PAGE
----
In Sudan, there are natural hazards to contend with, such as drought and flooding, conditions that have become more frequent and more intense due to climate change. These climate shocks have uprooted millions of people from their homes, jobs and lives, sometimes many times over.
Child malnutrition is a major concern in Sudan. UNICEF is the lead supplier of the Ready-to-Use Therapeutic Food (RUTF) used to treat child wasting, a leading cause of death among Sudanese children under 5.
UNICEF's health teams in Sudan work with partners to bolster the country's fragile health system, and to increase immunization rates among children to prevent outbreaks of vaccine-preventable disease.
Child protection teams focus on helping children stay safe. UNICEF also monitors child rights violations, including the rising number of children being forcibly recruited by armed groups, which not only puts them in physical danger but also causes mental distress. Many of these children become victims of gender-based violence.
Education needs in Sudan
Education support for children in Sudan is another top priority. An estimated 7 million children are out of school, and that was before armed conflict shuttered all educational institutions across the country in spring 2023.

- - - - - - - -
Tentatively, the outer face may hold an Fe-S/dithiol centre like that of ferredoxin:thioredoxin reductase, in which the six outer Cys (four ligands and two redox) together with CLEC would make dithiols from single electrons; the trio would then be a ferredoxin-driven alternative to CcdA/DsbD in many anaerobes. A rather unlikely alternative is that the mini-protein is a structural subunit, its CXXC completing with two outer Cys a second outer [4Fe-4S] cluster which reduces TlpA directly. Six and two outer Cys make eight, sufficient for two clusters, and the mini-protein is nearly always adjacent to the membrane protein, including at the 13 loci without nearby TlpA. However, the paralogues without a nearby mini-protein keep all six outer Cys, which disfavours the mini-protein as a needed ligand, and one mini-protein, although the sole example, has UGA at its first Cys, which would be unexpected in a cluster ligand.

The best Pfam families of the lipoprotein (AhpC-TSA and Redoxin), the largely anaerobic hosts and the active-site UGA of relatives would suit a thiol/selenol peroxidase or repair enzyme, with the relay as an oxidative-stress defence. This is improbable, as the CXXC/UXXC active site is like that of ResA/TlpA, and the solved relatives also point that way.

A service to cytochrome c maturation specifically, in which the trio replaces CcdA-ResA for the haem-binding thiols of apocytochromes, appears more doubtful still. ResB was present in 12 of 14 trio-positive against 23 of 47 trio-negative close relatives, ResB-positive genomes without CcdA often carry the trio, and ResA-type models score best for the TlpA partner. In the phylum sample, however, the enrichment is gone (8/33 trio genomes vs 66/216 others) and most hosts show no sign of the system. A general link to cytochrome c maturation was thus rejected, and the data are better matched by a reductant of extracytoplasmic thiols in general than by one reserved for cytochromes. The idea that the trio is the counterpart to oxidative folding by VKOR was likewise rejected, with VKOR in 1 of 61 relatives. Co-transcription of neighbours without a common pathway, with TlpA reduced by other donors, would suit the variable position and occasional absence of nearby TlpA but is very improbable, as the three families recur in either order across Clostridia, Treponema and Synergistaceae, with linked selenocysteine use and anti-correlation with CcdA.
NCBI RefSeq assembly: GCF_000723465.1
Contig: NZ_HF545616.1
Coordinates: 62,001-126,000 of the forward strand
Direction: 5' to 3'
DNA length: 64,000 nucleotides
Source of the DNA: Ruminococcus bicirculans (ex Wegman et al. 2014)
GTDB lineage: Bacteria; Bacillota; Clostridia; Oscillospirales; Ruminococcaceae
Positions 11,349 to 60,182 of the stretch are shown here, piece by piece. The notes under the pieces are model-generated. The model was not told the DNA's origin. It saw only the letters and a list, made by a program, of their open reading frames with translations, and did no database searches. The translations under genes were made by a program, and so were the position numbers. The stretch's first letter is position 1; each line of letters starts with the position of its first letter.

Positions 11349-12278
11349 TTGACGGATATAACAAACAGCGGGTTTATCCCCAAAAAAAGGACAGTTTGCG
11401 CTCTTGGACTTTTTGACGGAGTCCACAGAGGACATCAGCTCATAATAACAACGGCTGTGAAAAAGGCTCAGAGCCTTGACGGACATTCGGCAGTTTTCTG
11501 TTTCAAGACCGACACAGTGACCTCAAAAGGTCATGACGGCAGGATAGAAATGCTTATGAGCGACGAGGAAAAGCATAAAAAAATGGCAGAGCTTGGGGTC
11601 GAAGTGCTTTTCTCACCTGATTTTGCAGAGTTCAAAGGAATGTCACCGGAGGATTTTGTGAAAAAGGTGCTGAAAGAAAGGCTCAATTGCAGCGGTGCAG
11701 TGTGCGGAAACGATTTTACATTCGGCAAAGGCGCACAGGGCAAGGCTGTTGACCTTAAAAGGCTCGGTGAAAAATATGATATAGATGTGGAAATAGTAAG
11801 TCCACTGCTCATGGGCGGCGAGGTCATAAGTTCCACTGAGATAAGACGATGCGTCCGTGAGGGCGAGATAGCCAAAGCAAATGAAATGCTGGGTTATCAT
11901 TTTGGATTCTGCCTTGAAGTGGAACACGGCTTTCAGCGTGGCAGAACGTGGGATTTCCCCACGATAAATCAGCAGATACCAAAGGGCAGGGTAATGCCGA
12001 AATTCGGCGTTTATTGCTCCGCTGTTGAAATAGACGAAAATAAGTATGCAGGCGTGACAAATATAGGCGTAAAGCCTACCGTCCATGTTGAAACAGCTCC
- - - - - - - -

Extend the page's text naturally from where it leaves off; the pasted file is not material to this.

UNICEF works to keep kids learning in schools or alternative spaces, through digital means or in Child-Friendly Spaces UNICEF sets up in refugee camps and other sites where displaced families are sheltering. Child-Friendly Spaces also connect children with other services including mental health and psychosocial support.
Flexible funding needed to provide relief for Sudan
In early May 2023, as conflict raged inside the country, the factory and warehouses run by Sudan's only domestic manufacturer of RUTF were burned down — destroying 14,500 cartons that had been bound for treatment centers where children suffering from the most dangerous form of malnutrition were waiting.
UNICEF Spokesperson James Elder called it "yet another bitter blow," the "darkest, most distinct illustration to date of how the conflict threatened the lives of children through multiple means."
And yet: UNICEF and partners continue to reach children with the nutrition support they so desperately need, finding ways to keep supplies coming.
"Somewhat miraculously – certainly heroically – 80 percent of [UNICEF-supported] outpatient therapeutic programs are currently operational in Sudan," Elder noted. "This is testament to UNICEF’s partners, and the health workers of Sudan."
UNICEF has been operating in Sudan for over 70 years and remains committed to delivering for children, especially the most vulnerable. Shortly after conflict erupted in mid-April 2023, an operational team temporarily relocated to UNICEF’s Port Sudan sub-office, and continues to stage country-wide operations from there.
In a volatile situation like this, emergency response teams must be able to stay agile. Flexible funding support is the best way to ensure that UNICEF can continue delivering lifesaving protection and support to children and families suffering the impacts of conflict and related crises in Sudan.